WEST LAFAYETTE, Ind., Aug. 24 (UPI) -- A 19-year-old Purdue University sophomore from Los Angeles played a big role in enabling the first steps of NASA's Curiosity rover on Mars, the school said.
Riley Avron, working as an intern with NASA engineers training this summer to drive the Mars rover Curiosity, noted the slow progress caused by their having to spend several minutes entering arcane code into their computers before every maneuver.
So Avron solved the problem by whipping up a custom-designed iPhone app that makes driving a one-ton robot as easy as a toy remote control car, a Purdue release reported Friday.
"They were spending so much time with their face buried in a computer that they couldn't pay attention to the rover's progress through the simulated Mars landscape -- the real reason they were out there," Avron said. "With the iPhone it was quick and easy, and they could really learn what the rover was capable of doing."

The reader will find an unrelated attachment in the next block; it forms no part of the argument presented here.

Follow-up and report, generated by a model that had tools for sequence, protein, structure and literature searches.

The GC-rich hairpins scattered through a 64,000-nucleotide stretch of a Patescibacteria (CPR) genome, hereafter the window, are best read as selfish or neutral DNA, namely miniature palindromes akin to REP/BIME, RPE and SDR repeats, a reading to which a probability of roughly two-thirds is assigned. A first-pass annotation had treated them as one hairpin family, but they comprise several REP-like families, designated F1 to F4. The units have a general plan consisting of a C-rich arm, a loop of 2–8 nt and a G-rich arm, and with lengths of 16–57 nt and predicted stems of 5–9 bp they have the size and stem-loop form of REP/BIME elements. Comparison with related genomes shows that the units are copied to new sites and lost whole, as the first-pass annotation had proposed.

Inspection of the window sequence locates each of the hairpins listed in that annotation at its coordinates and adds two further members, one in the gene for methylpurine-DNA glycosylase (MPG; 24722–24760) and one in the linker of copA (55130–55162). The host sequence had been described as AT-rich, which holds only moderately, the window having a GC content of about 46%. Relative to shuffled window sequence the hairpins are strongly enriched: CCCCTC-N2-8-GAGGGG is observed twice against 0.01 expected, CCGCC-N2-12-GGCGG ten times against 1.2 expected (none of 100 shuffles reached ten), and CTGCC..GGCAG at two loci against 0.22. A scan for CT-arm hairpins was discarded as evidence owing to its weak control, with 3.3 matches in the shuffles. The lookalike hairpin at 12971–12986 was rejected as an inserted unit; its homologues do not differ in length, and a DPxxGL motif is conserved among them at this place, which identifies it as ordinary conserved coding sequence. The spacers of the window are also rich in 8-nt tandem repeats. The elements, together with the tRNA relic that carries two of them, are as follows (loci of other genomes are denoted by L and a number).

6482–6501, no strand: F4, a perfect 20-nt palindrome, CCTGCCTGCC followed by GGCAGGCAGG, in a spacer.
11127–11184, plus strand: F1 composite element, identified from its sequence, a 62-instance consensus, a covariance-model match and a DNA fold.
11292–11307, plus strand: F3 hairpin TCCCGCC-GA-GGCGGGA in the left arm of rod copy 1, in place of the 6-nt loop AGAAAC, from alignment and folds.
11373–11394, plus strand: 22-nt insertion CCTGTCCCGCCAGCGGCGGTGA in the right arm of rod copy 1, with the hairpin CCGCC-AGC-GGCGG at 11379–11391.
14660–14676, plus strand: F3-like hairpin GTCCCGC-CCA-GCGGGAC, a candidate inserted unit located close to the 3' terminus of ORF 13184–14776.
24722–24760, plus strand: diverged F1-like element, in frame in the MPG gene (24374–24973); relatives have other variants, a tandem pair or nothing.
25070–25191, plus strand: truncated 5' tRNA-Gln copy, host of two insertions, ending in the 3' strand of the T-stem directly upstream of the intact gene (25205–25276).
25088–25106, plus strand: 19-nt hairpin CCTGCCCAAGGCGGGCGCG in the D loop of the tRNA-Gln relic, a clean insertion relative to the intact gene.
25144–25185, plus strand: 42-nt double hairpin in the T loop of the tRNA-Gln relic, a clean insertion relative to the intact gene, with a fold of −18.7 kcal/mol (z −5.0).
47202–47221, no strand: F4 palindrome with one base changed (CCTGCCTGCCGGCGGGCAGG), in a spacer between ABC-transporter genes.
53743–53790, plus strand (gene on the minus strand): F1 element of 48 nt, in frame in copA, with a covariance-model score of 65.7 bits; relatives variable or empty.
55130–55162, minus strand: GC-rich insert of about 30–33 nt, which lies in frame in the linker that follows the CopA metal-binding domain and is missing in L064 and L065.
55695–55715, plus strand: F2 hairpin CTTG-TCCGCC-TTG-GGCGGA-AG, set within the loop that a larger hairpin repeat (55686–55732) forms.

Avron has returned to Purdue from his internship at NASA's Jet Propulsion Laboratory in Pasadena to pursue his studies, but JPL engineers still use his app regularly to drive Curiosity's earthbound twin Scarecrow through tough maneuvers on a simulated Mars landscape.
"If the scientists want Curiosity to go through a crater, over a rock or along a ridge, then engineers absolutely have to know if it can do it without rolling over or getting stuck," Avron said. "After all, there's no AAA tow truck to call for help up on Mars."
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